On the subject of prescriptive regulation, the Task Force warns:

There are areas where this is the best means of achieving a policy objective. However, prescriptive regulation, like many other means of government intervention, may have unintended consequences… It will often be less flexible and less sympathetic to the way markets work than other tools.

What characteristics do Canadians expect from its regulatory authorities?

The 2003 document from Britain’s Task Force includes a section entitled: “Tests of good regulation, and pitfalls to be avoided”. In it, the Task Force states “Regulations must: Be balanced and avoid knee-jerk reactions; Seek to reconcile contradictory policy objectives; Balance risks, costs and benefits; Avoid unintended consequences; Be easy to understand; Have broad public support; Be enforceable; Identify accountability; Be relevant to current conditions.”

Using the Task Force tests, how would Canadian regulators and regulations be scored?

Something to discuss at The 2016 Canadian Telecom Summit, coming up in less than 2 weeks. Have you registered yet?

Counting down: just 3 weeks to go

Some of the most influential leaders of the Canadian & International ICT industry will gather in Toronto, June 6-8, at The 2016 Canadian Telecom Summit.

No other event matches The 2016 Canadian Telecom Summit for the depth and breadth of topics covered and issues debated.

No other event presents a complete picture of current and expected trends & developments.

You will see why The Canadian Telecom Summit has become the only must-attend conference.

With more opportunities than ever to learn, network and do business, if you are involved with or impacted by Canadian telecommunications, broadcasting and information technology, you need to be at The 2015 Canadian Telecom Summit.

Join your colleagues for 3 days of spirited discussion and networking, including our Monday evening Cocktail Reception sponsored this year by Rogers.

Download the latest look at the complete conference brochure.

Register today for The 2016 Canadian Telecom Summit.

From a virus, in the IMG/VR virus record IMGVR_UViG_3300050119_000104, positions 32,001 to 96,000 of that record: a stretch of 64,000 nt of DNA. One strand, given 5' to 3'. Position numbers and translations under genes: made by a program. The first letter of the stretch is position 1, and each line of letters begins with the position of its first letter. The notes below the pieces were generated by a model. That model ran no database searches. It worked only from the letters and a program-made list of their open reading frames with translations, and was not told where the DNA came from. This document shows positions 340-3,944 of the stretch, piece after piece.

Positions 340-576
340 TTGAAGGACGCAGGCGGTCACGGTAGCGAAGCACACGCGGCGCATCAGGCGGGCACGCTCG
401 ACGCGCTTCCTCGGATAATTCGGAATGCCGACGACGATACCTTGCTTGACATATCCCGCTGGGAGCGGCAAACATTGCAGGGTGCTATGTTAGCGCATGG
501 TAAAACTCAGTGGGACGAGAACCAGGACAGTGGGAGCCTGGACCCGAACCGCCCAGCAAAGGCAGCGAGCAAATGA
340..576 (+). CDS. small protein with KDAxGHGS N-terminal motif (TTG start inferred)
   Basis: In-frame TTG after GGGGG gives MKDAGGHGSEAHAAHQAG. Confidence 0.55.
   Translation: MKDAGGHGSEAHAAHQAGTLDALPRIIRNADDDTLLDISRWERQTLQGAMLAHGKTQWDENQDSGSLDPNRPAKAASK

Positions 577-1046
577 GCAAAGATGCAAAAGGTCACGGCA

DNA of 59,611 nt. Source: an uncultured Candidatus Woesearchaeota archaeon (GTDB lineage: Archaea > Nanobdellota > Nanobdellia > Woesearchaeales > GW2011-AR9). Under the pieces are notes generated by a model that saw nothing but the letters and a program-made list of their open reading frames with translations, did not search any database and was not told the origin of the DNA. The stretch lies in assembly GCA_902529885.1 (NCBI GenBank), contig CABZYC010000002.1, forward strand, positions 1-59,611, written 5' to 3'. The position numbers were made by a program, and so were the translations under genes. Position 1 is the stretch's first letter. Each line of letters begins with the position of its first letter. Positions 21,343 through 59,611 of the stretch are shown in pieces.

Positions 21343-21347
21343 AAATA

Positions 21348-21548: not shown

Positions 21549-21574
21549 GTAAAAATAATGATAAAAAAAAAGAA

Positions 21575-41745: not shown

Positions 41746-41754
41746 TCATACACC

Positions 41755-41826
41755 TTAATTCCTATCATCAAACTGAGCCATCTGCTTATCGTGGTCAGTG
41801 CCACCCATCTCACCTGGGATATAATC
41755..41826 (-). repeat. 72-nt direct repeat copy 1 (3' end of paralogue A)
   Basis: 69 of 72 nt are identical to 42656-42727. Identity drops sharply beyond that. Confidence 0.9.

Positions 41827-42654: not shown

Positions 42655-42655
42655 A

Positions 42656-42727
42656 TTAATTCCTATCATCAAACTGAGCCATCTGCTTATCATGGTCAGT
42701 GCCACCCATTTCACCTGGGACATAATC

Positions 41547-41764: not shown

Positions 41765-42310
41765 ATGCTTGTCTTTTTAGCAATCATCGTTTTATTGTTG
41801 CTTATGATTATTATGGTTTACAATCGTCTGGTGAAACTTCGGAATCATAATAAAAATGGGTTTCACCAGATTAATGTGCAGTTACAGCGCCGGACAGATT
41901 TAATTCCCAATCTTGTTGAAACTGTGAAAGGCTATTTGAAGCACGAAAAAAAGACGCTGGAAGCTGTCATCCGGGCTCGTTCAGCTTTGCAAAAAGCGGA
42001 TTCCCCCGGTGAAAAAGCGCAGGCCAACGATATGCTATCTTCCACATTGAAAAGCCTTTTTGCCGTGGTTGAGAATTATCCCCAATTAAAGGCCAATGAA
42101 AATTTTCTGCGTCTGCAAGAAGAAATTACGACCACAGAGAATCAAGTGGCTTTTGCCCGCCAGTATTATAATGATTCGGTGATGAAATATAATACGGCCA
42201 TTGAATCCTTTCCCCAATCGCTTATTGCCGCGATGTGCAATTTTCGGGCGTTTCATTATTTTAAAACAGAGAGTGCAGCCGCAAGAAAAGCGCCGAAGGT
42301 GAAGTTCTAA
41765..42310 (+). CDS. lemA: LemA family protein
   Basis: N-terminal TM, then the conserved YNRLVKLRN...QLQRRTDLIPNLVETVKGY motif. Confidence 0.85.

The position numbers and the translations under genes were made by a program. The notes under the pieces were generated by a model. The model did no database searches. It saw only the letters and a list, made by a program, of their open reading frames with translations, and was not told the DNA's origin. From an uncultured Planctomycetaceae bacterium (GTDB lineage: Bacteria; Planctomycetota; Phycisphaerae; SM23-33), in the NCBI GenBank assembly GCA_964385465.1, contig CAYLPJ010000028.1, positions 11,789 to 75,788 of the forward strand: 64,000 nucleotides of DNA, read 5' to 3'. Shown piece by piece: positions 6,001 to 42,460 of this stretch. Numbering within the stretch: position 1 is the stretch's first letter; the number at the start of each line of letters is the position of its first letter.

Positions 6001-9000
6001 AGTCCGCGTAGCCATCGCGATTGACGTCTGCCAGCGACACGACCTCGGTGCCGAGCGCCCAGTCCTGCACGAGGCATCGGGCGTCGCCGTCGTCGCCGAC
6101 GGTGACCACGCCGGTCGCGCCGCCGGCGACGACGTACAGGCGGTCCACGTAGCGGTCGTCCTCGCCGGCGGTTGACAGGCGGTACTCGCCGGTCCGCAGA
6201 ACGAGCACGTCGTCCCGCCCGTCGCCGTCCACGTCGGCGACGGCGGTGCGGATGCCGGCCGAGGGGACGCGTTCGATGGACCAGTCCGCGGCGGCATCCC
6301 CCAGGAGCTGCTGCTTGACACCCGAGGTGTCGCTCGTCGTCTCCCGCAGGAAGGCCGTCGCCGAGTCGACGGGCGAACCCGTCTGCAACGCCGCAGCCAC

Balancing privacy and security

There is a tension between individual’s rights to privacy and our collective rights to security. Technology has enabled unprecedented challenges to both, which is why these areas will be among the key topics to be explored at The 2016 Canadian Telecom Summit taking place June 6-8 in Toronto.

Canada’s Privacy Commissioner, Daniel Therrien will be delivering a keynote address on Tuesdady, June 7. IT World’s Howard Solomon quoted him saying “It is no longer entirely clear who is processing our data and for what purposes – creating challenges for meaningful consent.” Do customers provide informed consent to how businesses are using their data? Do consumers have any idea how their personal information is being shared and correlated with other data points?

The Canadian Telecom Summit will also look at cyber security and defense against data threats. Nathan Shuchami, Check Point’s Head of Advanced Threat Prevention and Christine Gauthier, the head of Check Point Canada will speak on Monday June 6. A full panel on cyber security will take place on Tuesday, June 7, moderated by Scott Jones, the assistant deputy minister for IT security for Canada’s Communications Security Establishment. On Wednesday, June 8, the panel looking at Big data and Analytics will also include consideration of these aspects of the issue, aided by the participation by Pamela Snively, the Chief Data and Trust Officer for TELUS.

Have you registered yet?